Can A Menopausal Woman Get Mastitis?

Can A Menopausal Woman Get Mastitis?

Though mastitis is a common breast disease seen in lactating and breastfeeding mothers, it can sometimes be seen in menopausal women as well.

Menopausal women are more prone to a breast disease called mammary duct ectasia, in which the lactiferous ducts or the milk ducts that are present below the nipple or the areola get dilated or widened and shortened. As a result, there is a blockage in the milk ducts that can lead to an irritation in the duct walls that makes them inflamed. This is a self-limiting condition and often causes no symptoms. However, it is a troublesome and an annoying condition, that may be embarrassing at times too, especially if it is associated with a discharge from the nipples. This condition does not require any treatment and gets corrected on its own.

In menopausal women, if mastitis condition does not resolve and progresses further, it may result into an infection of the milk ducts. This bacterial infection is known as periductal mastitis.

Can A Menopausal Woman Get Mastitis?

Menopausal and post-menopausal women can develop chronic mastitis as their bodies undergo various hormonal changes during this period. These hormonal changes make the lactiferous ducts below the nipple and the areola get obstructed or plugged with anything like dead skin cells etc. the blockage irritates the walls of the duct and in response they get inflamed.

Mastitis is usually seen in breastfeeding women. Breastfeeding makes it easier for the bacteria to enter the nipples from the baby’s mouth and mother’s skin. Also, if the breast become full and are not emptied properly or completely, it may result in a bacterial infection. This usually happens when feeds are missed due to various reasons like infrequent feedings, long gaps between feedings because of baby’s increased nap time, offering one breast too frequently because the other breast suffers from a sore or a cracked nipple etc. due to excessive fullness of the breast, the milk leaks into the nearby breast tissue, which makes it more prone to the infection. Bacteria can enter the breasts through cracks or sores in women who are not breastfeeding and sometimes in men too. Nipple piercing is a common reason for development of mastitis as the pierced wound makes it easier for the bacteria to enter the breasts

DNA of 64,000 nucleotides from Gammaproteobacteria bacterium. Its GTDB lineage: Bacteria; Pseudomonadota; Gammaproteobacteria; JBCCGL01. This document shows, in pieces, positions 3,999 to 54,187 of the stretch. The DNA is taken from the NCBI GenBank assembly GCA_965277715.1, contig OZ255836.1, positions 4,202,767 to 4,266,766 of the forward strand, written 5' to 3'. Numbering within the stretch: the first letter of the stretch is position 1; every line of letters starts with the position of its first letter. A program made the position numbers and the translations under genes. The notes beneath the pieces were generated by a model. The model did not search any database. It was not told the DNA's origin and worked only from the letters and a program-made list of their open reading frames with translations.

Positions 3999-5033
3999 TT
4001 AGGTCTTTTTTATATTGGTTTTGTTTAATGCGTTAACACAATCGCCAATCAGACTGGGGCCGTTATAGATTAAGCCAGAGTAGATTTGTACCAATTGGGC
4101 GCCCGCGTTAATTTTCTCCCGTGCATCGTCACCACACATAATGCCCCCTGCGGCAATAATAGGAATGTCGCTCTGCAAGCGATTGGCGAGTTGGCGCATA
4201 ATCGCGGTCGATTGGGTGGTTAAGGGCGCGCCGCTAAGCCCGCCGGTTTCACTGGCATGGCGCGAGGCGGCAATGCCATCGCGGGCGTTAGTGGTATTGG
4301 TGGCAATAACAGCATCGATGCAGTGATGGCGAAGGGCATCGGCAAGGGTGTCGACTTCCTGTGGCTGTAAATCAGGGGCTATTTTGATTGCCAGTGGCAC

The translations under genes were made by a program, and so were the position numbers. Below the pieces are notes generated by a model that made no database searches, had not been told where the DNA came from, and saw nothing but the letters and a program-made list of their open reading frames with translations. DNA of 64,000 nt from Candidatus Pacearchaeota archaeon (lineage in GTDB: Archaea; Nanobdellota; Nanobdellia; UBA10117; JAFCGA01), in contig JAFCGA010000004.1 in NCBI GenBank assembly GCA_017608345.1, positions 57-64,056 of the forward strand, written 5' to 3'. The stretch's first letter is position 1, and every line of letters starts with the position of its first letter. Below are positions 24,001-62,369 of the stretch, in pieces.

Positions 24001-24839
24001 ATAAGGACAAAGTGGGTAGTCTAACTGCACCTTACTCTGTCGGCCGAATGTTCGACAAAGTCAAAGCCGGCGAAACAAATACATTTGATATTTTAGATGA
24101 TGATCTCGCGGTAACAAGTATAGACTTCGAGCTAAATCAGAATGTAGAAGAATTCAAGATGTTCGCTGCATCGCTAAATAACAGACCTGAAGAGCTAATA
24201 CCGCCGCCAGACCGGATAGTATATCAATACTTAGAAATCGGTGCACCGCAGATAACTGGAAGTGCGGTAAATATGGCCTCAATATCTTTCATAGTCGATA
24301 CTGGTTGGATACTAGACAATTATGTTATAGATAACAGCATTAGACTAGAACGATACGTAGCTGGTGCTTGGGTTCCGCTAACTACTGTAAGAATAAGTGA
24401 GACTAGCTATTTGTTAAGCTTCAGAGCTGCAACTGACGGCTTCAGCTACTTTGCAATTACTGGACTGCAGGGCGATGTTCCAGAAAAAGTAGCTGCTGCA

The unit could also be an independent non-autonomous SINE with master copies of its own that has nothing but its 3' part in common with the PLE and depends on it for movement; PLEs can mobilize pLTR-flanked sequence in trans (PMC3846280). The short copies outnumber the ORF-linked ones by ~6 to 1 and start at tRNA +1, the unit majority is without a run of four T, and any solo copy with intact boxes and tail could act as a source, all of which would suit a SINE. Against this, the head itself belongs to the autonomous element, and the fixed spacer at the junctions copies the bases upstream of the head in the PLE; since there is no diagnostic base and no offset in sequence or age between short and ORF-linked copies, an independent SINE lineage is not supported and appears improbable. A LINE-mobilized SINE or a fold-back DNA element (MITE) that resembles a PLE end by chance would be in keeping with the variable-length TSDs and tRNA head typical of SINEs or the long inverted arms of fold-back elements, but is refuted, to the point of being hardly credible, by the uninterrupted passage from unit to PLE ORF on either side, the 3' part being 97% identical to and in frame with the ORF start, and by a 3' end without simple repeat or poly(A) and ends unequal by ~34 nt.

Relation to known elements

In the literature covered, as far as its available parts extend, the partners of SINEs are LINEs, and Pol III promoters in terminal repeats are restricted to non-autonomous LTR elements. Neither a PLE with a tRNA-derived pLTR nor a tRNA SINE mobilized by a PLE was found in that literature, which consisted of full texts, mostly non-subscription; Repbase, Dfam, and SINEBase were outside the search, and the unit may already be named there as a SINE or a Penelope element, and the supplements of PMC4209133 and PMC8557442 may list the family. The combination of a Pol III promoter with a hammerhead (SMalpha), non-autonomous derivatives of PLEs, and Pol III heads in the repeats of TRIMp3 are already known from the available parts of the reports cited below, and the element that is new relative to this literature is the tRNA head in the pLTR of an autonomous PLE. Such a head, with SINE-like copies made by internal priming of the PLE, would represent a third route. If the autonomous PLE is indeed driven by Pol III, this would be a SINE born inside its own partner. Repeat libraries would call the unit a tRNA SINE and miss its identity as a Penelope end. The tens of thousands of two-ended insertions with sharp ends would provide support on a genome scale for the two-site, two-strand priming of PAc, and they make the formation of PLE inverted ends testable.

Signs And Symptoms Of Mastitis

Signs and symptoms of mastitis are as follows

  • The affected breast may become red
  • It also gets swollen and feels tender to the touch
  • There is a feeling of malaise and breast discomfort
  • The affected breast may feel warm to the touch
  • There might be a burning feeling in the affected breast
  • Fever may be present along with pain
  • Fatigue may be present
  • Chills may be accompanied with fever

Treatment Of Mastitis

Most physicians believe that the first choice of treatment for mastitis should be self-care or home remedies. They consider that starting medicines unnecessarily can cause bad effects on the baby, as the baby will be breastfeeding. However, many believe that it is important to relieve the mother of the painful symptoms quickly so she can concentrate more efficiently on the feeding and caring of her baby. Depending upon the severity of the disease, you could try on these home remedies or go for a proper treatment by proper consultation of your physician.

Some steps that can be followed by lactating women are-

  • Trying to drain the breasts properly and completely during the feeds
  • Start feeding with the affected breast first
  • After the feed, any leftover milk should be very gently expressed
  • Non-lactating or menopausal women can assure-
  • Drinking plenty of fluids and resting often
  • Applying a warm compress to help soothe the painful breast

If these techniques do not seem to provide relief or if the symptoms of mastitis keep getting worse, it is best to seek medical help immediately, so that the physician can start you on other needed medications like antibiotics, immediately.

Also Read:

Pramod Kerkar, M.D., FFARCSI, DA
Pramod Kerkar, M.D., FFARCSI, DA
Written, Edited or Reviewed By: Pramod Kerkar, M.D., FFARCSI, DA Pain Assist Inc. This article does not provide medical advice. See disclaimer
Last Modified On:August 5, 2023

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